Virginia Gov. Terry McAuliffe, right, reviews legislation with his staff at the Virginia State Capitol in Richmond, Va. last month. McAuliffe vetoed SB44, the coal tax credit bill, as well as 31 other bills. (Bob Brown/Richmond Times-Dispatch via AP) MANDATORY CREDIT (Bob Brown/AP)

Gov. Terry McAuliffe has vetoed more legislation than any governor since Jim Gilmore in 1998, and Democrats have a simple response: We told you so.

The governor with liberal bona fides promised to nix any bills that he thought would erode gay rights, block women’s access to health care or otherwise fly in the face of Democratic principles.

“Unfortunately, they sent those bills to me and I vetoed them. No surprise,” McAuliffe (D) told reporters Monday.

The governor vetoed 32 of the 811 bills that lawmakers sent to his desk for action by midnight Sunday.

With a Democrat in the governor’s mansion and Republicans controlling the General Assembly, the partisan divide has meant enthusiastic passage of ideological bills followed by swift vetoes.

The conflict has only been heightened in a rancorous presidential election year when both parties are working hard to excite their base.

It’s a trend that Senate Minority Leader Richard L. Saslaw (D-Fairfax) said he has seen intensify as tea-party-inspired conservatives replace moderate Republicans in the upper chamber and exert their influence over the party.

“They’re terrified of these people, just terrified,” said the 40-year veteran of the legislature. “They run everything that party does virtually. A lot of these people, they know what they’re voting for is wrong. They do it anyway.”

Republicans say that more than halfway through his four-year term, McAuliffe still lacks the finesse to win over lawmakers who long ago mastered the parliamentary one-upmanship that defines Richmond politics.

House Speaker William J. Howell (R-Stafford) said that when his party was in the minority in the House in the 1980s, aides to then-Gov. Gerald L. Baliles (D) visited him often. “Things aren’t any more partisan than they were 30 years ago,” Howell said in an interview. He added: “I think [McAuliffe’s staff] were fairly disengaged, and that’s disconcerting.”

But McAuliffe’s spokesman, Brian Coy, said no amount of communication could have changed the philosophical differences.

“They passed a lot of bills they knew he was going to veto,” he said.

The administration assigned a staff member to every lawmaker this year, an approach Coy credits with compromises on transportation funding and gun laws.

Still, in the four weeks since legislators declared sine die ending the legislative session, McAuliffe has methodically rolled out vetoes on political flash points.

In one of the most high-profile debates of the session, Republicans wanted to prohibit state agencies from punishing religious organizations that discriminate against same-sex couples. Similar efforts that passed in Mississippi and North Carolina resulted in pushback from leading businesses and employers in those states.

Other bills would have blocked future funding for Planned Parenthood, protected Confederate monuments and strengthened immigration regulations. The governor also killed measures that would have extended coal tax credits and given the legislature control over implementation of the federal Clean Power Plan.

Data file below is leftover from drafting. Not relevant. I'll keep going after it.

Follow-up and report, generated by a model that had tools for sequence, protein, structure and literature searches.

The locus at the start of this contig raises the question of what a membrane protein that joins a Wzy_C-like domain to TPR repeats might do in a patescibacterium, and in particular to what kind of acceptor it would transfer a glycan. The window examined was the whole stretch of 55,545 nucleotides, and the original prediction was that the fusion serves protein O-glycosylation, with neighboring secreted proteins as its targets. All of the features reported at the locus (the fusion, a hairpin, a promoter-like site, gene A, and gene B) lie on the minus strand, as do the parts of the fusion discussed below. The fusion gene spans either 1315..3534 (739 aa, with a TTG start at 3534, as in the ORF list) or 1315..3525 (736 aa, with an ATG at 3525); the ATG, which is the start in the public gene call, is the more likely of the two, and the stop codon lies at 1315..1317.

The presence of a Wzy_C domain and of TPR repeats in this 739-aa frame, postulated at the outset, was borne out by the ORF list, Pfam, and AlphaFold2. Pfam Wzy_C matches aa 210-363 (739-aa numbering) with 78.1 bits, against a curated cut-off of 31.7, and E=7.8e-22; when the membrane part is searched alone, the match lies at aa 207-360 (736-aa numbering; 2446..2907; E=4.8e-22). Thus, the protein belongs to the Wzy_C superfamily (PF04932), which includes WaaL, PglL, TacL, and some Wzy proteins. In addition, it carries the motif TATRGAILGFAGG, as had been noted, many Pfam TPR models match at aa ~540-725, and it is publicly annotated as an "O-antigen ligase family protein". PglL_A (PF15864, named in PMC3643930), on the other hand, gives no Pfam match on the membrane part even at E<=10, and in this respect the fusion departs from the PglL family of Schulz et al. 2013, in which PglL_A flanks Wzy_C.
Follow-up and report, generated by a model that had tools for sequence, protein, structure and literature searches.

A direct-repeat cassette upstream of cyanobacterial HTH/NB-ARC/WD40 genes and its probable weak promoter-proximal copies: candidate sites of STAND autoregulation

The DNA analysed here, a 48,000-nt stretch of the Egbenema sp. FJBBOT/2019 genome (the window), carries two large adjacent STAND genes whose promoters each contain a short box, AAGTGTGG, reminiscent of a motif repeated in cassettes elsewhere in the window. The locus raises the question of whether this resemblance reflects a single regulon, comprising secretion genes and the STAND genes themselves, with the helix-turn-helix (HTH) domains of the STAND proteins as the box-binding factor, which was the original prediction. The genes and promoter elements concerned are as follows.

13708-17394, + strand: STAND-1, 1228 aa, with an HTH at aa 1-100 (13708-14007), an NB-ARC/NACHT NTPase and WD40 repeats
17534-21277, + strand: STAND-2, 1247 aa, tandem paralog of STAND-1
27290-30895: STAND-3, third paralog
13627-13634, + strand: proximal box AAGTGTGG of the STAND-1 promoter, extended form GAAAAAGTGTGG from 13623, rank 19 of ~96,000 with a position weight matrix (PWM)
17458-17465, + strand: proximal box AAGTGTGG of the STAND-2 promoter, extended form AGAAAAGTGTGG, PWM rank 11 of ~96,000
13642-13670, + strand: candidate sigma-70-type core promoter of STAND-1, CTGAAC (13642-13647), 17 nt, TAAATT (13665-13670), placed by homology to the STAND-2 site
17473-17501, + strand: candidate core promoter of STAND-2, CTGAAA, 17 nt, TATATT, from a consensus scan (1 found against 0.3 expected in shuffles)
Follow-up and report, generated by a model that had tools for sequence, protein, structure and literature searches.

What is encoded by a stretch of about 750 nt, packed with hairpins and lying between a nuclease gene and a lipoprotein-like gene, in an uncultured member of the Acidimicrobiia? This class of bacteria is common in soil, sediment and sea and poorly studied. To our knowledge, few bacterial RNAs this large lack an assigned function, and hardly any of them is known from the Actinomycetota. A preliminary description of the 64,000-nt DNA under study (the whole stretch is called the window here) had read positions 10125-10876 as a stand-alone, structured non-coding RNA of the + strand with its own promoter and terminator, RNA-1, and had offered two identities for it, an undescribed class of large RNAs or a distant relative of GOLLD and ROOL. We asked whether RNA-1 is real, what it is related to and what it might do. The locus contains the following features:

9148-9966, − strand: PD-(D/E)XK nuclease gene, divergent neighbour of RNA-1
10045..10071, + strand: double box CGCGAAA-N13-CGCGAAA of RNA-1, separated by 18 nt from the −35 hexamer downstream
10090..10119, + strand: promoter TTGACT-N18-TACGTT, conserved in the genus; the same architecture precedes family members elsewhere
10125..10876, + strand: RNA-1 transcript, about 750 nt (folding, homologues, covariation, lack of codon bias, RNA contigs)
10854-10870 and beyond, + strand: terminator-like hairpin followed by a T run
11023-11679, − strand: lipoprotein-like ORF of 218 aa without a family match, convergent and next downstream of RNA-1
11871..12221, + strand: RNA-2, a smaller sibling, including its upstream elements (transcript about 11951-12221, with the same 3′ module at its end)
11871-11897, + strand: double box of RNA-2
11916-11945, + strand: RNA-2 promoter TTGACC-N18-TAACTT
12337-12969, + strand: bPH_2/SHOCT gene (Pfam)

Republicans wanted to reverse McAuliffe’s ban on guns in state office buildings and give victims of domestic violence instant concealed-carry permits. McAuliffe’s reply? No and no.

It didn’t matter that he struck a surprising deal with the GOP on guns that expanded the recognition of concealed-carry permits from around the country in Virginia in exchange for tighter restrictions on domestic abusers and voluntary background checks at gun shows.

That goodwill met a dead stop on bills intended to allow home-schooled students to participate in public school sports and charter school bills that had gained some bipartisan support.

Lawmakers will return to Richmond on April 20 to attempt to reverse some of the vetoes, but few if any bills have the two-thirds majorities needed for an override.

When Sen. Timothy M. Kaine (D-Va.) served as governor, a similar pattern played out in the first two years of his term, when he vetoed 12 and 15 bills. Before him, then-Gov. Mark R. Warner (D) managed to woo GOP majorities in both parties — a legacy that helped propel him to the U.S. Senate but left a stain on Republicans who made his successes possible.

In the late 1990s, Gilmore (R) feuded with his own party, forcing him to veto 37, 23 and 19 bills during his term.

Last year, McAuliffe vetoed 26 bills, but the rancor played out at a softer pitch. All 140 General Assembly seats were on the ballot that year and neither party wanted to be distracted by legislative controversies.

That’s not the case this year.

“At the moment in Virginia, the legislature and the governor have an effective veto over each other,” said Bob Holsworth, a former Virginia Commonwealth University political scientist.

It’s a reality that makes useful fodder for fundraising.

“The Governor is using his veto pen to fire up the liberal base ahead of Hillary Clinton’s 2016 election,” reads a House GOP pitch sent out last week. “Help us by donating $5 today.”